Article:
Mr Harper: Yes, I know that the hon. Lady said that, but it is because they are likely to move more often that they are also likely to miss the annual canvass. She will know that relatively few people use rolling registration to register to vote. Also, asking those landlords to provide an annual update—assuming that local authorities had a full list of all their private landlords—would have exactly the same flaws as the annual canvass. It would be unlikely to add anything to the process, except a lot of bureaucracy.

The hon. Lady referred to the barriers to registration. The work that we are doing with under-represented groups in that regard is well under way, and I will be in a position to publish it before the summer recess. What we really want to do is develop some of these proposals with evidence. We want to look at the barriers that prevent the various groups from registering. We know who the groups are, from the quantitative research carried out by the Electoral Commission, but our qualitative research, which will tell us why they are not registered, will be ready in the not-too-distant future. At that point, we will be able to consider how to tackle those barriers in a systematic and co-ordinated way.

I hope, therefore, that the hon. Lady will see that the necessary legal powers for electoral registration officers in all those circumstances are already available. We are

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doing the research, which will be published before the summer recess, and we are already working with most of the organisations that work with the under-registered groups. To be fair, she acknowledged that. On that basis, I urge her to withdraw the amendment.

Angela Smith: I thank the Minister for his response. I acknowledge that any scheme to enable data-sharing—particularly when those data are sensitive—will be IT-based, but I have never yet heard of an IT system that works without having the necessary people to put in the data in the first place. The Minister did not give a response about the cost, or about the commitment to funding the scheme properly to ensure that the service runs smoothly and without unnecessary delays. That is the key point, but he did not respond to it. If data sharing is to be used to verify applications in this way, we need to ensure that it does not lead to unnecessary delays, particularly in the run-up to the general election in 2015.

Mr Harper: The hon. Lady is quite right; I did not respond to that point. I had written down all her other points, but I simply omitted to mention that one. The transition to IER is fully funded by the Treasury for this comprehensive spending review period; we are confident about that. We did not inherit a budget for this, incidentally; this was a budget that we had to put in place. I am confident that that is covered and that there are not going to be any issues relating to it. As I said, part of our work in the data-matching pilots involves ensuring that the project is scalable and that it works. We are conscious that, particularly when there is high demand for registration in the run-up to an election, we need to ensure that it all works. One element that will help EROs, particularly at high turn-out elections, is the fact that we know when the next general election is going to be, so it will not be sprung on them at short notice. That should help them with their planning and preparation.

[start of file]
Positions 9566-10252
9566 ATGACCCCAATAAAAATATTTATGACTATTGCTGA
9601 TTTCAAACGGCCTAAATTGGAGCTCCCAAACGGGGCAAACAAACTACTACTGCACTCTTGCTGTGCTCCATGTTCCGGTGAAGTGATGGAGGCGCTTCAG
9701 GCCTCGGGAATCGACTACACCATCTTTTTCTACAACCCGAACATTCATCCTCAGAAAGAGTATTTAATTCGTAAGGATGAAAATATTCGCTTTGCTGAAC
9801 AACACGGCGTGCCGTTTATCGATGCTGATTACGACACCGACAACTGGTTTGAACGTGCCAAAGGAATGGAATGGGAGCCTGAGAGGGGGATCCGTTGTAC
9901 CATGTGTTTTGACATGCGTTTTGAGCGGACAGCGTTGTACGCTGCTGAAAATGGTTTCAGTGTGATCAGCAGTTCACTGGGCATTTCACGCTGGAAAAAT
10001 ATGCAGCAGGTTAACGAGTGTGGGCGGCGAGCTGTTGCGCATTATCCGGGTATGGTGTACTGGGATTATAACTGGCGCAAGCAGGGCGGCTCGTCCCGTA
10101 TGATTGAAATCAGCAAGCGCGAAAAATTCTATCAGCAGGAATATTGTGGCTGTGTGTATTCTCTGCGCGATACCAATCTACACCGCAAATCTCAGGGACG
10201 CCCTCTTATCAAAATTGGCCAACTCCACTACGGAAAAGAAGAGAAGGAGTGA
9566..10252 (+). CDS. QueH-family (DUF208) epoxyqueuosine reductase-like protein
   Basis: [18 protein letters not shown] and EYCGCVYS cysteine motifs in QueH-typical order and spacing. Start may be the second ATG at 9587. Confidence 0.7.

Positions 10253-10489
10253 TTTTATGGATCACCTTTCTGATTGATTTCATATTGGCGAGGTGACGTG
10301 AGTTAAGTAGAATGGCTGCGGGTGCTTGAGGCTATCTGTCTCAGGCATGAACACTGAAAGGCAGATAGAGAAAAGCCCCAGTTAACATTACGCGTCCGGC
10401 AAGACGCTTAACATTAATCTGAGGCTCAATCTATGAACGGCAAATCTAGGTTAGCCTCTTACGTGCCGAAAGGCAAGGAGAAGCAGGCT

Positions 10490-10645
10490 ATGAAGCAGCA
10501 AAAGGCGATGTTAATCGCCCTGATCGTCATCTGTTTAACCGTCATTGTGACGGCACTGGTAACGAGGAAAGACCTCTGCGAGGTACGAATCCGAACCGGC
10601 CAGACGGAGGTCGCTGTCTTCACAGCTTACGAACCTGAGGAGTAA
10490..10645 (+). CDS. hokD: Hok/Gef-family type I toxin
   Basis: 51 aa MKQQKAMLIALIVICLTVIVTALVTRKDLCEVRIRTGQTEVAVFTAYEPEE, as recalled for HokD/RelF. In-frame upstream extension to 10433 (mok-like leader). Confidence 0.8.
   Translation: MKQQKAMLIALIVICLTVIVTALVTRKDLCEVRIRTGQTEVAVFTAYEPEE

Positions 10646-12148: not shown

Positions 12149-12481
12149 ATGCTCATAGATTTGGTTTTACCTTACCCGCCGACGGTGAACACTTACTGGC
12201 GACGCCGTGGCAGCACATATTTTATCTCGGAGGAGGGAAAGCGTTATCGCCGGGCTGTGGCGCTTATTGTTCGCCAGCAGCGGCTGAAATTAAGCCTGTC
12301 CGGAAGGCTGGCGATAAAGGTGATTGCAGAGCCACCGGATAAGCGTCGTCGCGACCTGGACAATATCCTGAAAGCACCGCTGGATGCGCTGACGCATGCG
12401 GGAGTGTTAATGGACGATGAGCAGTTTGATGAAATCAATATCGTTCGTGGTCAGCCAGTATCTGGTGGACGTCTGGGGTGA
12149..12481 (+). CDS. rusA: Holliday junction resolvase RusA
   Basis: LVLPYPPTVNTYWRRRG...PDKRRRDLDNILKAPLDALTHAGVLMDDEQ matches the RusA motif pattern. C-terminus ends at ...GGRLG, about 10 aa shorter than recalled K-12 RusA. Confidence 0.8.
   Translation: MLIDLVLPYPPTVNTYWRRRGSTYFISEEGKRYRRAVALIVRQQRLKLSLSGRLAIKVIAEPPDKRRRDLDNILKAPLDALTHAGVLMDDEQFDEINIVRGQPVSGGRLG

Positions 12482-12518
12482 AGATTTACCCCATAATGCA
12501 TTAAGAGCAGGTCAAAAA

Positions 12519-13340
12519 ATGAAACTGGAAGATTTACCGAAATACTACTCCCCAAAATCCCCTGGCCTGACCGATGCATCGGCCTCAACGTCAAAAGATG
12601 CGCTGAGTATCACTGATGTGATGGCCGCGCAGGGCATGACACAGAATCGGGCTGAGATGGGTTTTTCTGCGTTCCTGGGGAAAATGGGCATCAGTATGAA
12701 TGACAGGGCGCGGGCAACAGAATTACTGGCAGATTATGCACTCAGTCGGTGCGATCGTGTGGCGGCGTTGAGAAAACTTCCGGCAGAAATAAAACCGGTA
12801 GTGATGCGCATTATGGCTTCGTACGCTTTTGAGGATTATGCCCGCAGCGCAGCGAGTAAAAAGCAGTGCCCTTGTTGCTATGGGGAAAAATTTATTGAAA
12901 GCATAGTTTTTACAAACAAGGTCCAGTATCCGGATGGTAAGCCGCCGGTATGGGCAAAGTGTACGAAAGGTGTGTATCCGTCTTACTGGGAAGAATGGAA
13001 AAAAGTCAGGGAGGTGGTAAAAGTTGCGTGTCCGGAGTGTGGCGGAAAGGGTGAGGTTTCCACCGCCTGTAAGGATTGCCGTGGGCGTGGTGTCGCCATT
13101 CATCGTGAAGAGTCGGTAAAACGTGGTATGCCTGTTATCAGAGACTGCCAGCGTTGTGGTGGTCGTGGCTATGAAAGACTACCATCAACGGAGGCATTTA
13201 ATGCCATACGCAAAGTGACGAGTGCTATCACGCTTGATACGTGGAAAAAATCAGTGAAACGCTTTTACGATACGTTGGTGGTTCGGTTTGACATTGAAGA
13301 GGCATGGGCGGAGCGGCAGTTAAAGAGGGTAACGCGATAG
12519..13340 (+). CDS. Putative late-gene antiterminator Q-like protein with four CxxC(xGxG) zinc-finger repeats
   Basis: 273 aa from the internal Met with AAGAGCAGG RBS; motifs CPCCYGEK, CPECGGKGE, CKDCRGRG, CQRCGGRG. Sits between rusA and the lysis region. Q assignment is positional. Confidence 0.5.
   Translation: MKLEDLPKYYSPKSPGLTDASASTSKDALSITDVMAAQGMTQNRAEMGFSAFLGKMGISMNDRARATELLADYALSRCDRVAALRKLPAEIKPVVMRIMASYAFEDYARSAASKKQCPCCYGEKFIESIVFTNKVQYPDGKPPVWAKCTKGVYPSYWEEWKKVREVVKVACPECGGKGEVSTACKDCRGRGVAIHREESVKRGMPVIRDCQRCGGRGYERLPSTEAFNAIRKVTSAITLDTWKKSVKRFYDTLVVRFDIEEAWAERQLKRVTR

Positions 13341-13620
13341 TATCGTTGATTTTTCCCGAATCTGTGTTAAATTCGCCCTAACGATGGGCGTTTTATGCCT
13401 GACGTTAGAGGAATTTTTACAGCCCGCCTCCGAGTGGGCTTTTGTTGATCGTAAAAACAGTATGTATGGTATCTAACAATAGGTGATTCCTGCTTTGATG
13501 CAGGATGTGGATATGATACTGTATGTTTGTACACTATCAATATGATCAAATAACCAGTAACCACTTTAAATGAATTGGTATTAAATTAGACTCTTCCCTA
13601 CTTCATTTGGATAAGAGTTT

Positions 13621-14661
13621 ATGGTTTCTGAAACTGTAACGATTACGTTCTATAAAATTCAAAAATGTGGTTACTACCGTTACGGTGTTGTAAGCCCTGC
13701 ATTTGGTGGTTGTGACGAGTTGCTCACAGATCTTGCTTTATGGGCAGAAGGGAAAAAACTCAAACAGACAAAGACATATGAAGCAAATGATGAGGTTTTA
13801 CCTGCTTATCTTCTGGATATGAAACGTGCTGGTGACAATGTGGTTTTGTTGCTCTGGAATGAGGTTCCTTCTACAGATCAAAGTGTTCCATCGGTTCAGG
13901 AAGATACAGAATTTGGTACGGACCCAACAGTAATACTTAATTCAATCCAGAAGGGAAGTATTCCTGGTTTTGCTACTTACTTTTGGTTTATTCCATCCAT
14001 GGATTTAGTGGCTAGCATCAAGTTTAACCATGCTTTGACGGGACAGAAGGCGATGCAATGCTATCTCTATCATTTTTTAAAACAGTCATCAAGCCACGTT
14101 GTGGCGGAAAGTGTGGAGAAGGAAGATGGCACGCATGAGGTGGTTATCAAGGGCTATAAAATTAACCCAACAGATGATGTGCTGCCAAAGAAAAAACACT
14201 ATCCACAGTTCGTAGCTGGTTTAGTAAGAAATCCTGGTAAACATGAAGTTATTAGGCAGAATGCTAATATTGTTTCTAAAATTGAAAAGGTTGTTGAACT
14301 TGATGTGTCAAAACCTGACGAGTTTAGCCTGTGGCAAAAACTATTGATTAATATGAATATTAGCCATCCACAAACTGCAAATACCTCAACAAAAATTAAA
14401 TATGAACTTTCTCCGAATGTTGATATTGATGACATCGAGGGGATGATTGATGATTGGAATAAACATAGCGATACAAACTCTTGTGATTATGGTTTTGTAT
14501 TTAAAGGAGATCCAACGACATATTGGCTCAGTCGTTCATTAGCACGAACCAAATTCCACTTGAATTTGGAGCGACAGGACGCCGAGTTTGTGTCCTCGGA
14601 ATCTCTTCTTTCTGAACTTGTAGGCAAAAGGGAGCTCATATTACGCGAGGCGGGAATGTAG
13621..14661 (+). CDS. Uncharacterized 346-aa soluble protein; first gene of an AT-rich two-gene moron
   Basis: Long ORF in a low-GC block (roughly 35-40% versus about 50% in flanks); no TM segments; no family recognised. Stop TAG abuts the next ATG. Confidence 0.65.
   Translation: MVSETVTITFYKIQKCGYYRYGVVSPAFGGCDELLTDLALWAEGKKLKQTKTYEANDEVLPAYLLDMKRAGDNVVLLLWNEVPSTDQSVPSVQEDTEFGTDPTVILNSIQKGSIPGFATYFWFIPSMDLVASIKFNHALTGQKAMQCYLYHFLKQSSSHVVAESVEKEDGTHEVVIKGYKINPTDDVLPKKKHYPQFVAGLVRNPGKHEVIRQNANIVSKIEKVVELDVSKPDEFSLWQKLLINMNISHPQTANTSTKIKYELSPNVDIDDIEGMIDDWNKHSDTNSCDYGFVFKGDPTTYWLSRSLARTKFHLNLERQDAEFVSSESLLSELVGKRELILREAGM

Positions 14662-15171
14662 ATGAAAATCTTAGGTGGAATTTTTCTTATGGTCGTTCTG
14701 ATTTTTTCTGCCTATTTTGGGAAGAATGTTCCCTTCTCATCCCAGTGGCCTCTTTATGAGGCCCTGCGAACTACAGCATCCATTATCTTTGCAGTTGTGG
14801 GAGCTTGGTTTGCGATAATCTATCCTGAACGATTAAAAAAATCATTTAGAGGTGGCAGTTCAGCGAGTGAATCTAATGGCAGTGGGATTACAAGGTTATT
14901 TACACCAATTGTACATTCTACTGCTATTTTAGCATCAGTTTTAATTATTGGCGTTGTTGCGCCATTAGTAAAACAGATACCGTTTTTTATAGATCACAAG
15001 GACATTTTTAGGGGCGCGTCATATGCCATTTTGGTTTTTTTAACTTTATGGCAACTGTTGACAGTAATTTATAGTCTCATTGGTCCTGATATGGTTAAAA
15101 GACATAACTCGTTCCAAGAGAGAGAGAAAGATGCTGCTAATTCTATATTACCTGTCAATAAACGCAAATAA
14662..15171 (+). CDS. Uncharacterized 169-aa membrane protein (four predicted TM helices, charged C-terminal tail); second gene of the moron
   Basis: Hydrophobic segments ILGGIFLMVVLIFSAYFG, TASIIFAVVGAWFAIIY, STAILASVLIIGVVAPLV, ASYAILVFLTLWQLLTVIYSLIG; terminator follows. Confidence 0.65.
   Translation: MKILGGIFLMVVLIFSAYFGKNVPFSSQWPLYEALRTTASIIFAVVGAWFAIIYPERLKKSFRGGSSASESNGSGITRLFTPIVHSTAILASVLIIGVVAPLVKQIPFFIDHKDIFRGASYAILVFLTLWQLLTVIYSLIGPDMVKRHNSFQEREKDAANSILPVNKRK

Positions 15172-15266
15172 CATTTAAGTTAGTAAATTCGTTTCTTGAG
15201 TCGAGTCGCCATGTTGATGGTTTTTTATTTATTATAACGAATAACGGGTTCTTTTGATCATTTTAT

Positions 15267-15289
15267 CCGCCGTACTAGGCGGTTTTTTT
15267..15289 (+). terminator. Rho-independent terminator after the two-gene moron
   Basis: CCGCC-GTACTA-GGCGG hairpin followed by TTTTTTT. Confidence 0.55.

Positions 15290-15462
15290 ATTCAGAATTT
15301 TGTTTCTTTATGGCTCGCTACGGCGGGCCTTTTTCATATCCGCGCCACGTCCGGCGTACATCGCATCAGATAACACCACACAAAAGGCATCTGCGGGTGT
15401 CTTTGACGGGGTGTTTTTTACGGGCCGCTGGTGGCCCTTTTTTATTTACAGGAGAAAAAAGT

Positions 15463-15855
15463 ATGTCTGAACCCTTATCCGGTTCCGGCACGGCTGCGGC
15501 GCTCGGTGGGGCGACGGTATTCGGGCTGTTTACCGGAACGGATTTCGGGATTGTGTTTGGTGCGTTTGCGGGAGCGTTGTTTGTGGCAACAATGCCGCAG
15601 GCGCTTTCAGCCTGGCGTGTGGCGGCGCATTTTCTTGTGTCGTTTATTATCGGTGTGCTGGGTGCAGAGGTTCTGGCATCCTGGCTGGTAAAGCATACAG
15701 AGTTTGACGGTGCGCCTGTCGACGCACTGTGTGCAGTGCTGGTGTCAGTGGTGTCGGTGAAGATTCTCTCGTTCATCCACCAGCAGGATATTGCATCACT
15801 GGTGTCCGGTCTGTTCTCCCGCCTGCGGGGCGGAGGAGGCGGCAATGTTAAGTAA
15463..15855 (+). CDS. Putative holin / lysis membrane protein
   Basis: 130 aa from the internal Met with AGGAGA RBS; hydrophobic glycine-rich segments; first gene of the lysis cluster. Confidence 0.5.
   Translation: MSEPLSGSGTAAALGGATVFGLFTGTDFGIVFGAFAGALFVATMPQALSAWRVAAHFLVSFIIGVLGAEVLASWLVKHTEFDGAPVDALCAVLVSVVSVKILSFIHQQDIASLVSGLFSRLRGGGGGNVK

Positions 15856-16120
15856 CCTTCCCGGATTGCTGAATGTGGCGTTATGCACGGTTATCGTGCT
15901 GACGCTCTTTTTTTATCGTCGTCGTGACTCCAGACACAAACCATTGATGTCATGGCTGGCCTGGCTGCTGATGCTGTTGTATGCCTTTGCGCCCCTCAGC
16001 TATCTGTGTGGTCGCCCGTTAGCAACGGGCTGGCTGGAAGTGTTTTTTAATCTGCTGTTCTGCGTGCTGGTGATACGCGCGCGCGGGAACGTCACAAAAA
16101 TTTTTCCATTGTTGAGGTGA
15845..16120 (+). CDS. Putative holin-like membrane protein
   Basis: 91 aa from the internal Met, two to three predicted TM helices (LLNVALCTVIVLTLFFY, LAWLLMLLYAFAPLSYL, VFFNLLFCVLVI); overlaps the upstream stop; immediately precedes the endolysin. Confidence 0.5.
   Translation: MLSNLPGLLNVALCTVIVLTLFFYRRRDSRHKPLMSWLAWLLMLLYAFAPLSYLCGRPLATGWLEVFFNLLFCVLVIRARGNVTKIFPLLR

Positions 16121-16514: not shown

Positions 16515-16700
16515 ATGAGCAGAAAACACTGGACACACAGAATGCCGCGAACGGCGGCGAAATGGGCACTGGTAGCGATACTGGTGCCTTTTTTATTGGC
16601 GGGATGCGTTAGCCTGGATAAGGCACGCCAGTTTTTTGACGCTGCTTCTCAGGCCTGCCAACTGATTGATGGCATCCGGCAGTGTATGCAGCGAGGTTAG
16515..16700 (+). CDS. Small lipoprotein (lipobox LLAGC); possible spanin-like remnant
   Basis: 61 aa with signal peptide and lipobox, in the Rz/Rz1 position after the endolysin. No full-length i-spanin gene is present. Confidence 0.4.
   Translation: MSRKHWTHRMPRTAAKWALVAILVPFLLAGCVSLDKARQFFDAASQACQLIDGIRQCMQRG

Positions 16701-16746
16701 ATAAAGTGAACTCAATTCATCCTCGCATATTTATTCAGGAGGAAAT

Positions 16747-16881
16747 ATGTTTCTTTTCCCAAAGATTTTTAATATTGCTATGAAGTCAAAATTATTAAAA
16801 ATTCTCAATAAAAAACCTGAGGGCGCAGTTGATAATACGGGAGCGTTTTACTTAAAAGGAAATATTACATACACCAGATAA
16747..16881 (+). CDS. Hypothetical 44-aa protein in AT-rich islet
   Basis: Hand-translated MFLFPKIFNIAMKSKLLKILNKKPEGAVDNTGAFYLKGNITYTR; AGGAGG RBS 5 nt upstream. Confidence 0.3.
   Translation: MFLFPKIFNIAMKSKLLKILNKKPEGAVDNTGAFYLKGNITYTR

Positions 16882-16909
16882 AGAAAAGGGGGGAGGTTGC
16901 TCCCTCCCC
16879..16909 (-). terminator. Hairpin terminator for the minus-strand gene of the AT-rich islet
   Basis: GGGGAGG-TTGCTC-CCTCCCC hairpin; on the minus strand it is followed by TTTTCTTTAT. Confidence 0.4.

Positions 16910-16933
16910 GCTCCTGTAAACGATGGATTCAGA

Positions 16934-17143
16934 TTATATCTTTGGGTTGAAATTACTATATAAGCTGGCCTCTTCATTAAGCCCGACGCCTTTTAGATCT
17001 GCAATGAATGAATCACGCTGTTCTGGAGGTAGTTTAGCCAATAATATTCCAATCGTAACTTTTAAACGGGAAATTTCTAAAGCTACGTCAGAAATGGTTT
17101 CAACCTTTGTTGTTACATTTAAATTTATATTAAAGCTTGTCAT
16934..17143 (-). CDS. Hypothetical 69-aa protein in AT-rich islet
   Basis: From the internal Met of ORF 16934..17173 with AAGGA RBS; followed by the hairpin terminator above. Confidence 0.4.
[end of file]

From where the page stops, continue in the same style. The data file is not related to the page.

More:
Angela Smith: I thank the Minister for that very full response. I think that there was also an acknowledgment that the Government are relying on the data-testing pilots to ensure that the system runs properly. There is also, however, a refusal on the Government’s part to acknowledge the need to complete that testing work before we stop using the carry-over data for the boundary review in December 2015. There is therefore a potential problem, as we discussed earlier, in relation to the amendments. I am sure that we will come back to that matter.

On amendment 5, I entirely take the Minister’s point about the two-tier authorities; he is absolutely right. Nevertheless, he will be well aware that a large number of authorities are now unitary or metropolitan authorities. I said that a degree of data-sharing was already taking place internally within local authorities, but it remains the case that not all EROs are making use of that facility or using those data effectively to raise levels of completeness in their electoral registers. The amendment is about placing an obligation on EROs to use those data to make life easier not only for people wishing to register but for the EROs themselves in the long run.

On amendment 9, the Minister made the point that the power already exists to require higher and further education institutions to supply the relevant information to EROs. Again, that power is not necessarily being

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used. Now that we are introducing a radical new way of registering people to vote—namely, individual registration —it is even more important that that power should be properly used. We shall not therefore allow that amendment to lapse; we will seek to press it later.

As for the amendments relating to sheltered housing and private landlords, we believe that amendment 9, which deals with the provisions for universities, is a test of the Committee’s feeling on this key point about the sensible and common-sense sharing of data and the placing of obligations directly in the Bill to maximise the use of data-sharing practice without requiring complicated IT provisions or the verifications of the more sensitive data referred to in the schedule.